Thursday, April 22, 2010

Tuff Writer Luv

I’ve gotten some questions/comments offline about my last post, a long time ago, on the Harlequin Matter (sounds like a great book title, doesn’t it?) that can only be characterized as…interesting. I know the situation has evolved over time, but I would like to address it. The general consensus was something along the lines of me being insane or possibly evil, or a combination of both, and perhaps I am. I am a literary agent after all. lol

However, I am also a writer. One who has enjoyed writing as a career and as a hobby. One who views writing for publication realistically even through the romantic haze that clouds its true nature. One who doesn’t believe that scribes are somehow gods, though some still do grant them that status. Because of that, I feel it’s time for some tough writer love. It’s for your own good. If you like living in the illusion wherein published authors wear black turtlenecks, smoke pipes (except the girls, who iron their hair instead), and espouse the virtues of using skulls for candle holders, stop reading right now. If you want a little dose of reality, keep going, but don’t say I didn’t warn you.

Writers serve a purpose. We are, for the most part, the flunkies of human existence, cursed or gifted, whichever way you choose to look at it, with the desperate need to communicate ALL THE FREAKING TIME through the written word. We record the human condition and display it for all to see and analyze, either in a fictional or nonfictional context, from the lowest lowly journalist to the lowest lowly novelist (we never get above lowly). In either case, we are valuable only so long as the stories we tell please or satisfy our audience. We are the jesters at the royal court of human nature, entertaining our audience so we can continue to entertain them again and again.

It is How We Are Made.

It is Who We Are.

It is What We Do.

Let me explain it a different way. Picture yourself on an airplane that finds itself in a bit of jeopardy. Maybe the wing fell off, and the pilot decides to do a water landing in Lake Michigan. For those who will worry, I will tell you right up front that the landing goes well and everyone makes it, okay? But let’s get on that plane, in the minutes before everything is okay. Let’s look into the mind of Passenger A for a moment.

Wow, that guy in first class is a doctor. With his training, he can save lives. Maybe he’ll even save mine.

Now let’s spin on Passenger B’s cognitive wheels for a second…

Wow, the person in the cockpit flying this plan is a trained pilot who’s practiced this sort of thing. With his training, he may save all our lives. Maybe he’ll even save mine.

And now for Passenger C

Wow, I’m glad that woman in 24 D is a nurse. With her training, she can save lives. Maybe she’ll even save mine.

And Passenger D

Wow, that man in 13F is a firefighter. With his training, he can put out fires if we crash and save our lives. Maybe he’ll even save mine.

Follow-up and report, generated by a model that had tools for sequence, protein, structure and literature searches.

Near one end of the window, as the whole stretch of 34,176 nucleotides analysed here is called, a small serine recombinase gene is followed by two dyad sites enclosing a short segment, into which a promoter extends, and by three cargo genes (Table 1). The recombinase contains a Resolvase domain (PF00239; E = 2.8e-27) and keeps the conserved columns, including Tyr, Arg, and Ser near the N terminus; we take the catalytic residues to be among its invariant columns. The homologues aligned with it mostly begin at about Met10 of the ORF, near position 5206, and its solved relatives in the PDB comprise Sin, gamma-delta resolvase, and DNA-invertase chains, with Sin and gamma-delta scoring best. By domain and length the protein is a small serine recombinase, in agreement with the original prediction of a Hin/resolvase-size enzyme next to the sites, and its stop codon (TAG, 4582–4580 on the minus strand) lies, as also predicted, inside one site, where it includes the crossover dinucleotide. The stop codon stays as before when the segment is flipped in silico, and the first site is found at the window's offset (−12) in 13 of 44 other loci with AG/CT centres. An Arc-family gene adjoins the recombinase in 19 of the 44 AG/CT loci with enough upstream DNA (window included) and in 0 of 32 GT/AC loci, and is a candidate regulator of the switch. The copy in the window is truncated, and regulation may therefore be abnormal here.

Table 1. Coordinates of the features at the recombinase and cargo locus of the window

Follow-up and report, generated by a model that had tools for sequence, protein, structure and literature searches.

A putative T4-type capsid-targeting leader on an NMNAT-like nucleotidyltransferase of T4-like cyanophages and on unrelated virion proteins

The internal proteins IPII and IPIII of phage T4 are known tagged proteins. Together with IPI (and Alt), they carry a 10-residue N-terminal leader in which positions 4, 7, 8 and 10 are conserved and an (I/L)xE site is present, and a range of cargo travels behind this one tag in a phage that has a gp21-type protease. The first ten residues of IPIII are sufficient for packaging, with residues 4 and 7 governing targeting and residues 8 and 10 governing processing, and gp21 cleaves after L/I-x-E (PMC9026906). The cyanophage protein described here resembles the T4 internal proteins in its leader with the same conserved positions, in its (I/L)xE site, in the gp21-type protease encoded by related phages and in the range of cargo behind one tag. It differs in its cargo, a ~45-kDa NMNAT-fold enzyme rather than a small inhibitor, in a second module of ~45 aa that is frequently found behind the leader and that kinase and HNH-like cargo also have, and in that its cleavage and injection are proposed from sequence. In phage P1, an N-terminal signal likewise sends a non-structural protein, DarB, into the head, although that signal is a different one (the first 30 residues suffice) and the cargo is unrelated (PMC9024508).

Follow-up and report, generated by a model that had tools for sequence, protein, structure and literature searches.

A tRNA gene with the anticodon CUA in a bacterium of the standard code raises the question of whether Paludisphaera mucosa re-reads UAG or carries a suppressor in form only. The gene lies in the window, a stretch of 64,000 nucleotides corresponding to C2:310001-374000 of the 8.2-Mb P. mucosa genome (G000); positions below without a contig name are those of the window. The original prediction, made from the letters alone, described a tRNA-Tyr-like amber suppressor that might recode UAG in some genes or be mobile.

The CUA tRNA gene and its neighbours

Passenger E, your turn…

Wow, there’s a United States Marine in the exit row. With his training, he can take control and handle any intense situation, therefore saving lives. Maybe he’ll even save mine.

Passenger F, please weigh in…

Wow, there’s a minister in 10B. With his training, he can pray for all of us. He can help save our souls. Maybe he’ll even save mine.

And, finally, Passenger G

Wow, there’s a woman 20A scribbling away. Must be a writer. Wait, what’s that? We need to lighten the plane? Hey, you there in 20A…

You get my point?

I guess one of the last developments in the Harlequin Matter was that not only had the RWA revoked the publisher’s approved status until it straightened up and flew right, but the MWA had as well. All sorts of bad things happen to de-listed publishers, including werewolf attacks in broad daylight and surprise trips through wormholes to other dimensions where (fill in your least favorite president’s name here) is still in the White House. Also, the publisher’s authors’ books are not eligible for the Edgar Awards, which, like all book awards, is one group of publishing people’s way of telling another group of publishing people that they should pay attention to an author, if they haven’t figured it out already. Being de-listed, especially after years of being on the approved list, is not supposed to be in the publisher’s best interest. It’s supposed to be a big deal to be removed from a writer organization’s Nice list and put on the Naughty list.

I’m not fooling you, am I? You know, by now, that I’m going to, without hesitation and in a blatant manner, right here for everyone to see, state that it doesn’t matter. I might even write that when I read this tidbit, I rolled my eyes and snorted in an unagent-like manner that scared my cat. Oh, I know. I know! As an agent and a writer I was supposed to be all twisted in knots over this, but A) I’m not that kind of agent or writer and B) let me ask you one question: Do you honestly think that a reader searching for something to read will put down a book once she/he discovers that the publisher is not on the okey dokey roster of some group with W in its name?